Jet skis are almost universally considered a whole lot of fun, and very easy to operate. Unfortunately, this does not translate to them also being safe, so while it is possible to have an enjoyable time on a jet ski without suffering any injuries, there are several things you should remember to help you do so.

Do You Need a Boating License or a Driver’s License to Ride a Jet Ski?

No. The only exception is that children under the age of 16 must either ride with an adult, or successfully complete a boater education course to be able to ride alone in South Carolina.

What Should I Wear?

Most people assume they can simply hop on a jet ski in their swimsuit and be good to go. However, this isn’t true. Safety requires a few extra precautions.

  • You are required by law to wear a life jacket when riding a jet ski. It’s much easier to fall from a jet ski than from a boat, and most watercraft-related deaths are the result of drowning, which can be prevented by wearing a life jacket. This is true regardless of your swimming ability! Hitting the water after falling from a jet ski at high speeds could cause injuries that make swimming more difficult.
  • Wear wetsuit bottoms. This isn’t simply to prevent chafing or potentially losing your suit in a fall from the jet ski. Failing to do so can result in serious injury and death. Jet skis accelerate by releasing a powerful jet stream of water. If a passenger falls backwards off a jet ski, they are at risk of that high pressure stream of water entering a body cavity and rupturing internal organs. Wetsuits are the best protection against this.
  • Wear proper footwear. Water shoes are best, as they will keep your feet from slipping like flip flops might, and they also offer protection from submerged objects you might not be able to see when getting off your jet ski.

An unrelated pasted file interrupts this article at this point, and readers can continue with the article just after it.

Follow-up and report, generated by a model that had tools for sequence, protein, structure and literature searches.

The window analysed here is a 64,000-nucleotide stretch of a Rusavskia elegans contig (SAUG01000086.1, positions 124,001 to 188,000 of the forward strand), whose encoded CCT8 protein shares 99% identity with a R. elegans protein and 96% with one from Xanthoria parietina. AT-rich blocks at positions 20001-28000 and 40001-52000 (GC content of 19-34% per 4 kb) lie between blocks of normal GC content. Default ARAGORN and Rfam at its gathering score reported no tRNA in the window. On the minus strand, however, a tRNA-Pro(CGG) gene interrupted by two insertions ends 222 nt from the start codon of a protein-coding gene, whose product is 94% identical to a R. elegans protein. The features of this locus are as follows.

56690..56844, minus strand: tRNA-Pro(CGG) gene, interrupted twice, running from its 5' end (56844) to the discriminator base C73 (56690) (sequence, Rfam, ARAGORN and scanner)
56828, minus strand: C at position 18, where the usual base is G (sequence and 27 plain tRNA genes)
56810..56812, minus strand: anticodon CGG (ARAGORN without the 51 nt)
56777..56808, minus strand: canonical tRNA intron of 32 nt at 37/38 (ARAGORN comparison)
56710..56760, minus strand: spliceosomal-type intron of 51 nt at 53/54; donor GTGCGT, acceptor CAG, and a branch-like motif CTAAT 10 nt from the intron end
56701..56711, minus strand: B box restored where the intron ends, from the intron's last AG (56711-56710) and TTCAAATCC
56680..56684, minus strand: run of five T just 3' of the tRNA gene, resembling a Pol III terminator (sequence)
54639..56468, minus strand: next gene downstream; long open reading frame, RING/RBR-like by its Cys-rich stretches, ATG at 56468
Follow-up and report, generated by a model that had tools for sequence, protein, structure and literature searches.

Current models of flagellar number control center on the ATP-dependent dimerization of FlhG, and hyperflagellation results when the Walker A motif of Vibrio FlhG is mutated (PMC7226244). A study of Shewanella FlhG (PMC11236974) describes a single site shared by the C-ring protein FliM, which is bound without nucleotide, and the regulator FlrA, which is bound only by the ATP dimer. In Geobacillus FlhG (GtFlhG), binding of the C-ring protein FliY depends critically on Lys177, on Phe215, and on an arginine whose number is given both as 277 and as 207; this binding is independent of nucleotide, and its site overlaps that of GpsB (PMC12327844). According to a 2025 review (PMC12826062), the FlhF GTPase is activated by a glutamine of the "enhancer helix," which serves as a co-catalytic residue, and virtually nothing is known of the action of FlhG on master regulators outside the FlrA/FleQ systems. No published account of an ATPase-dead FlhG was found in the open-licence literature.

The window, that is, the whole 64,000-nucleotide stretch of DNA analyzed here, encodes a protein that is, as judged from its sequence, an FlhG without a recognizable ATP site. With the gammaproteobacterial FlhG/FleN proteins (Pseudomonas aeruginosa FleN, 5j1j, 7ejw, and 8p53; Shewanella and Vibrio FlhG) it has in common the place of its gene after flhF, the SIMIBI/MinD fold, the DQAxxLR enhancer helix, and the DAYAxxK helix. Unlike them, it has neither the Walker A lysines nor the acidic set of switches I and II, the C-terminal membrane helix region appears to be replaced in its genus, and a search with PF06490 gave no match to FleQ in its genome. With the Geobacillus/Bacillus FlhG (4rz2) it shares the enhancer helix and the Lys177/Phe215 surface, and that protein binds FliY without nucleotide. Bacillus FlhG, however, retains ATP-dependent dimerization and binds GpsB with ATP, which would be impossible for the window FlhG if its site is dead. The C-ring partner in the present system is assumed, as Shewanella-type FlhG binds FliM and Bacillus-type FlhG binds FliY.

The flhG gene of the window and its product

• Wear a whistle. If you lose control of your jet ski, a whistle can alert nearby boaters for rescue.
  • Don’t wear anything you will regret losing. That includes hats, jewelry, watches, and expensive sunglasses. Consider wearing tinted goggles instead to protect your eyes from glare and spray, or opt for floating sunglasses or sunglasses you can wear on a lanyard around your neck.

Safe Driving Practices While Riding Your Jet Ski

  • Never drink alcohol before getting on a jet ski. All the same reasons why you shouldn’t drink and drive a car apply to driving a jet ski, and you can still be arrested for operating a vehicle while drunk even on the water.
  • The key to the jet ski will be on a lanyard, which should be worn around your wrist. This is to ensure that if you fall from the jet ski, the key is pulled from the ignition switch and the jet ski isn’t left running without an operator, putting you or others in danger of being run over.
  • Keep your speed low—under 10 MPH—until you’ve moved a safe distance from the shoreline. Then only accelerate gradually, and make sure any passengers are holding on tight when you begin to accelerate to prevent them from falling off.
  • Don’t speed. Before you see how fast you can go, it’s important to remember that most jet skis are not equipped with brakes. Excessive speeding is a common cause of collisions between jet skis and other watercraft and even with swimmers, especially since jet skis cannot turn without accelerating at the same time, making it very difficult to avoid collisions.
  • Don’t try to perform stunts. As tempting as it may be, many inexperienced and experienced riders have been sent to the hospital after attempting tricks like wave jumping.

Victims of Jet Ski Accidents Deserve Compensation

While it’s important to follow safety measures whenever you get on a jet ski to protect yourself and others, the sad truth is that not everyone will offer you the same courtesy. If you were injured by a jet skier who was recklessly speeding, driving drunk, driving too close to the shore, or acting in another negligent manner, you can pursue compensation.

The same is true if you were riding a jet ski and injured by a malfunction caused by a faulty or dangerously designed jet ski.

At Joye Law Firm, we’re very familiar with the many ways negligence can injure people just trying to enjoy themselves at the lake or beach, and we don’t believe that injury victims should be forced to pay for other people’s mistakes.

If you or someone you love has been injured in a jet ski or boating accident, contact our firm today for a free case review.

About the Author

Mark Joye is the Head of the Litigation Department at the Joye Law Firm. A Board-Certified Trial Advocate with nearly 30 years of litigation experience, he currently serves on the Board of Governors for the American Association for Justice and is a past president of the South Carolina Association for Justice. In a recent trial, Joye headed a trial team that secured $17 million for a family killed in a tractor-trailer accident.

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